Markets waited patiently for the Fed last night and couldn’t really have asked for more: There was no change to policy or intentions for future policy, with their timeline for an expected rate rise still towards the end of 2023 and no sooner. However there was an upward revision to growth and inflation forecasts – so the summary can be concluded as ‘we’re fully aware of what’s going on out there, but we’re not changing anything’. Fed chair Powell also reconfirmed that a reaction to rising bond yields wasn’t necessary and as long as markets are functioning in an orderly manner, then they’re happy to let things ride. This was enough to weaken the Dollar pretty much across the board (though not against the Rouble) and for stock markets to edge higher. This has left the S&P 500 at jut 0.6% below the 4,000 level and it almost feels like permission has been granted by the Fed for the market to push on through.
Joe Biden upset Moscow yesterday after he answered ‘yes’ to the question “do you think (Putin) is a killer?”, which was posed to him during an ABC news interview. This remark has led to Russia recalling their US ambassador to avoid “irreversible deterioration” of relations. During the interview we also heard from the president that they are preparing a response to the news that Russia did meddle in the presidential elections, which we will find out about in the coming days. The Rouble traded lower by more than one percent, getting away relatively lightly because it was partially offset by the general weaker dollar move, but this is a trend that could continue if the inbound sanctions are particularly strong.
Staying with Joe Biden: He’s not taking sides, but he has said that it is “critically important” to maintain the Northern Ireland peace process and respect the Good Friday Agreement. This comes as he and Irish Taoiseach Micheál Martin had a St Patricks Day video conference in which both leaders spoke warmly of the relationship that they have and pledged to work more closely together. Though the US has said it is a UK-EU issue to be resolved directly, his words won’t be lost on Westminster, who are courting the US for a trade deal and hope to get it ahead of any expanded US-EU trade deal which might now be on the table under the new administration.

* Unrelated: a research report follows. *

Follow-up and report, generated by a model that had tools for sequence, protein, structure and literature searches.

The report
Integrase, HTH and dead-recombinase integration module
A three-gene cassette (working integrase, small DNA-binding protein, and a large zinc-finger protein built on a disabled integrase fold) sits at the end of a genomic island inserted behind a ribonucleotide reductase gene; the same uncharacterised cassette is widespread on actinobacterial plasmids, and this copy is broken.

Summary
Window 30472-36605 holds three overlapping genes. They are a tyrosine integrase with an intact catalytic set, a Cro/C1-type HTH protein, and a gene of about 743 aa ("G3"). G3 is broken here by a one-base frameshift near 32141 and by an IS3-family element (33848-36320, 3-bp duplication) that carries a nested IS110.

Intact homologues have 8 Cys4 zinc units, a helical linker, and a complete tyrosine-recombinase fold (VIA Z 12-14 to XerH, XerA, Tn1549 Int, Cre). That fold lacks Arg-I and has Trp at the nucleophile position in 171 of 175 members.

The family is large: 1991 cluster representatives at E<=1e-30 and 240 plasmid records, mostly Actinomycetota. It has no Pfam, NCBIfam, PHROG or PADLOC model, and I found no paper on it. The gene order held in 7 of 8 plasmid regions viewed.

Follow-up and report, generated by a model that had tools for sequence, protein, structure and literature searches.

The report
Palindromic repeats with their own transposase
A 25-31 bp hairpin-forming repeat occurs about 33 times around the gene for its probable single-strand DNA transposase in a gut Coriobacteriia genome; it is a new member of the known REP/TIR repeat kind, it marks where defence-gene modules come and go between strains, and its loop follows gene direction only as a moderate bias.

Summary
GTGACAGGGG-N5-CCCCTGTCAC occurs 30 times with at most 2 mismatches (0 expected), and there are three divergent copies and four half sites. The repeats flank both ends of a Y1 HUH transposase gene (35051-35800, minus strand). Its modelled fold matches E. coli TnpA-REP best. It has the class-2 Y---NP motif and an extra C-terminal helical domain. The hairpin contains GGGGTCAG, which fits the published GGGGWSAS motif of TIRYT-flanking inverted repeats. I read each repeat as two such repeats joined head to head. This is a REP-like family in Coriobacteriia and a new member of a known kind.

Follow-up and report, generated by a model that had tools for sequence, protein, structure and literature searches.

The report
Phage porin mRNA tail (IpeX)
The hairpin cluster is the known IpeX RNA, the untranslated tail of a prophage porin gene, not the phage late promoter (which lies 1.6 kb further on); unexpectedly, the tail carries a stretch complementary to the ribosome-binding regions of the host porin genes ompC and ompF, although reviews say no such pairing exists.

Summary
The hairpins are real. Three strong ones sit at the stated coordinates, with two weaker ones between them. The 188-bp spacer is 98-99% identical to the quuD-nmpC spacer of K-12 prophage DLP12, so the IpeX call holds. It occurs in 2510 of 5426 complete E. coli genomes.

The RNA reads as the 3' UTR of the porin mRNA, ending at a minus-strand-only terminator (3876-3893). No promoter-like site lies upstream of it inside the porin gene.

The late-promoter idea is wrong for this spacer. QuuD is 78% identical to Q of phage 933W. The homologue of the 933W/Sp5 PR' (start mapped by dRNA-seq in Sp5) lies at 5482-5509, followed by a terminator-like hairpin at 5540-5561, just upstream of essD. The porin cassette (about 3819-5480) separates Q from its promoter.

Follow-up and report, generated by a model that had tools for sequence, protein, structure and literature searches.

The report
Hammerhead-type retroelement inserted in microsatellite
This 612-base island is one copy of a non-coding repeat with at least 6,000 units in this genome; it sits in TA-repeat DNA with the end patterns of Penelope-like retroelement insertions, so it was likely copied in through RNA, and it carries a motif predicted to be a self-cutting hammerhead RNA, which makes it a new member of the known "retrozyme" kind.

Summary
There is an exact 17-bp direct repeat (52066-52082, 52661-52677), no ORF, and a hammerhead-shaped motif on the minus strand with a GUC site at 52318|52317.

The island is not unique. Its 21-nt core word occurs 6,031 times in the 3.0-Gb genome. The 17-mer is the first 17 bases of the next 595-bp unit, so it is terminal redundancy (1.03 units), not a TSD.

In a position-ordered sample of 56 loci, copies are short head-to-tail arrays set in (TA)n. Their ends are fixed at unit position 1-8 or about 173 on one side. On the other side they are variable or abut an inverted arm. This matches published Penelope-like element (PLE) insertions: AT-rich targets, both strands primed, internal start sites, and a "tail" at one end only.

UK-EU relations might have been tested a little more yesterday as Ursula von der Leyen said reignited the possibilities for Europe to block exports of vaccine to countries that don’t send doses to the EU that are manufactured in their countries. There wasn’t a direct mention of the UK, but given that we’ve received more than ten million Pfizer shots and not sent any AZ vials in the opposite direction, we didn’t really need a name check! The EU will discuss their strategy at a summit next week, but Dominic Raab has warned that “the world is watching”! He also said this caught our government by surprise, but perhaps that was the intent from the EU, given we’d done the same with our unilateral Northern Ireland Protocol extension!
No sooner had we said that the UK was on for a bumper few weeks of vaccinations, did we hear from Matt Hancock, who has now warned that there will be delays in getting the under-50’s vaccinated. As well as possible supply side issues, the second doses of those given the jab in January become due and that will take up available resource. The plan is still to have all adults taken care of by mid-July, but we can’t now expect a linear delivery and therefore an accelerated timeline.
Elsewhere in the world: North Korea have said that the they will ignore Washington all the while they continue with their “lunatic theory” of denuclearisation. The US is about to complete their policy review on the country, but have preliminarily said that because of their reengagement with allies in the region, they are in a better position to address the security challenges. North Korea have said they will respond to power with power and to goodwill with goodwill.
A major factor in anything North Korea is China and the first meeting between US secretary of State Antony Blinken and China’s top diplomat, Yang Jiechi, takes place today, in Alaska. The agenda for the meeting could be infinitely long and there is a huge amount at stake for both countries’ long term development strategies, so as much as they probably want to play hardball with each other on everything, they will need to show some willingness to cooperate in order for both sides to be able to walk away from this in a positive frame of mind. The South China Morning Post has a good rundown.
The market will be watching the Bank of England monetary policy announcement today, where we’re expecting Andrew Bailey to be less dovish than he normally is. He’ll need to strike a balance, as the Fed have, with positivity around where we are, but highlighting the risks of complacency and the need for the Bank to be ready to act at a moment’s notice if things don’t progress as forecast. We’d also expect investors to be keeping a very close eye on the US-China talks, as you’ll recall how sensitive prices were to the trade war rhetoric of the last few years.